The call establishment is using a signalling protocol such as the ISUP (ISDN User Part) . ISUP is a part of the standardised Signalling System Number 7 (SS7) protocol and consists of signalling messages and signalling information elements necessary for the call establishment. The VAN is equipped with a signalling device 709 in order to receive and send this SS7 signalling.

There are at least two possible options of implementing the call establishment procedure.

When for example making a mobile telephony call set-up from the call originating mobile video telephone 701 to the call destination mobile video telephone 702 according a first option, a number of signalling information elements are sent from the mobile video telephone 701 including:

- A 'Called Party Number' information element comprising a telephone number to the call destination mobile video telephone 702,

- A 'Call Type' information element, - A 'Calling Party Number' information element comprising a telephone number to the call originating mobile video telephone 701.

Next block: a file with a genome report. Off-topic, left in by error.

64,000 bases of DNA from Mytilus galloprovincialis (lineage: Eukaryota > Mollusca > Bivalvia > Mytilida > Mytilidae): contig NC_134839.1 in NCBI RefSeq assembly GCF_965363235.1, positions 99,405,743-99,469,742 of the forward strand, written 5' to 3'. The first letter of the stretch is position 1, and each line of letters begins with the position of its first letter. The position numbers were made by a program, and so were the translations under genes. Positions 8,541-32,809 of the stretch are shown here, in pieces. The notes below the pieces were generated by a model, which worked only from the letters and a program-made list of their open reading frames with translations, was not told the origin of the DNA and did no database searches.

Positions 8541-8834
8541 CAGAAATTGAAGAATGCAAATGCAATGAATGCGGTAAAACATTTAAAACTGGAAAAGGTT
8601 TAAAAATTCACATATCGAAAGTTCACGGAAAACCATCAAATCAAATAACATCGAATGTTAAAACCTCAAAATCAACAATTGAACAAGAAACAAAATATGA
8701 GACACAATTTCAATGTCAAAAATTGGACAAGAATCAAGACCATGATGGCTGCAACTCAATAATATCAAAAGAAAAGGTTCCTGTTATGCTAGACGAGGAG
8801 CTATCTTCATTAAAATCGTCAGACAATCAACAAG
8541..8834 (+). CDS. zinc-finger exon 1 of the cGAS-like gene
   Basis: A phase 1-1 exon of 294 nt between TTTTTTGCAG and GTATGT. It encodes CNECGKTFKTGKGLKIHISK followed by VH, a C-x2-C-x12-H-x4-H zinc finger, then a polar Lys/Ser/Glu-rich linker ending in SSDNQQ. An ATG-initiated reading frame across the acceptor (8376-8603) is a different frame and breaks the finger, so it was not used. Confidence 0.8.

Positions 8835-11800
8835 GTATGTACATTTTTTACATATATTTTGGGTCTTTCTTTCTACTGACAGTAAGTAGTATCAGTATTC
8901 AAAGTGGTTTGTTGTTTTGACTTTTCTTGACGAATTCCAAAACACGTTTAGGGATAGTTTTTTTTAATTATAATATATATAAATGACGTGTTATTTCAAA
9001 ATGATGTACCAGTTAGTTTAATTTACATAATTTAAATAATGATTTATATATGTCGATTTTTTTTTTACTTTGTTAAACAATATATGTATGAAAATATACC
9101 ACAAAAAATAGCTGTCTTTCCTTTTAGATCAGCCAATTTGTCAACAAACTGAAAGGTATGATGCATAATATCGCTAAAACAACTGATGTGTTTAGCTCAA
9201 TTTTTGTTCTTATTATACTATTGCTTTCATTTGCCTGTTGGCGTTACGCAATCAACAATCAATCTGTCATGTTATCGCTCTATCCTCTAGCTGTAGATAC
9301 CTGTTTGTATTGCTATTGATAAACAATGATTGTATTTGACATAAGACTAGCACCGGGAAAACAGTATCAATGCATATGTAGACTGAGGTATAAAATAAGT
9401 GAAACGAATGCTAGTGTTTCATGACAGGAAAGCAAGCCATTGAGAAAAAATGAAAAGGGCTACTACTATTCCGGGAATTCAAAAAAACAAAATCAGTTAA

The call is routed over the radio base station 703 to the MSC 705. The MSC 705 analyzes the 'Call Type' information element received from the mobile video telephone 701. If the value in the information element is set to 'video telephony' , the call is routed via the GMSC 707 to the VAN 708.

The VAN 708 analyses the received 'Calling and Called Party Number' information elements and checks if the call originating mobile video telephone 701 and the call destination mobile video telephone 702 are subscribers to the 'animation feature'. If one or both mobile video telephones are subscribers, the VAN routes the call back to the GMSC 707 which further routes the call towards the call destination mobile video telephone 702, via the MSC 706 and the radio base station 704. The video data stream between the two mobile video telephones is now passing through the VAN and is processed as illustrated in Figure 4.

If the VAN 708 concludes that none of the mobile video telephones are subscribers to the 'animation feature', the VAN will instead return the call control to the GMSC 707 which will route the call as an ordinary video telephony call to the call destination mobile video telephone 702. The VAN will not take any further part in the call and the video data stream will not pass through the VAN.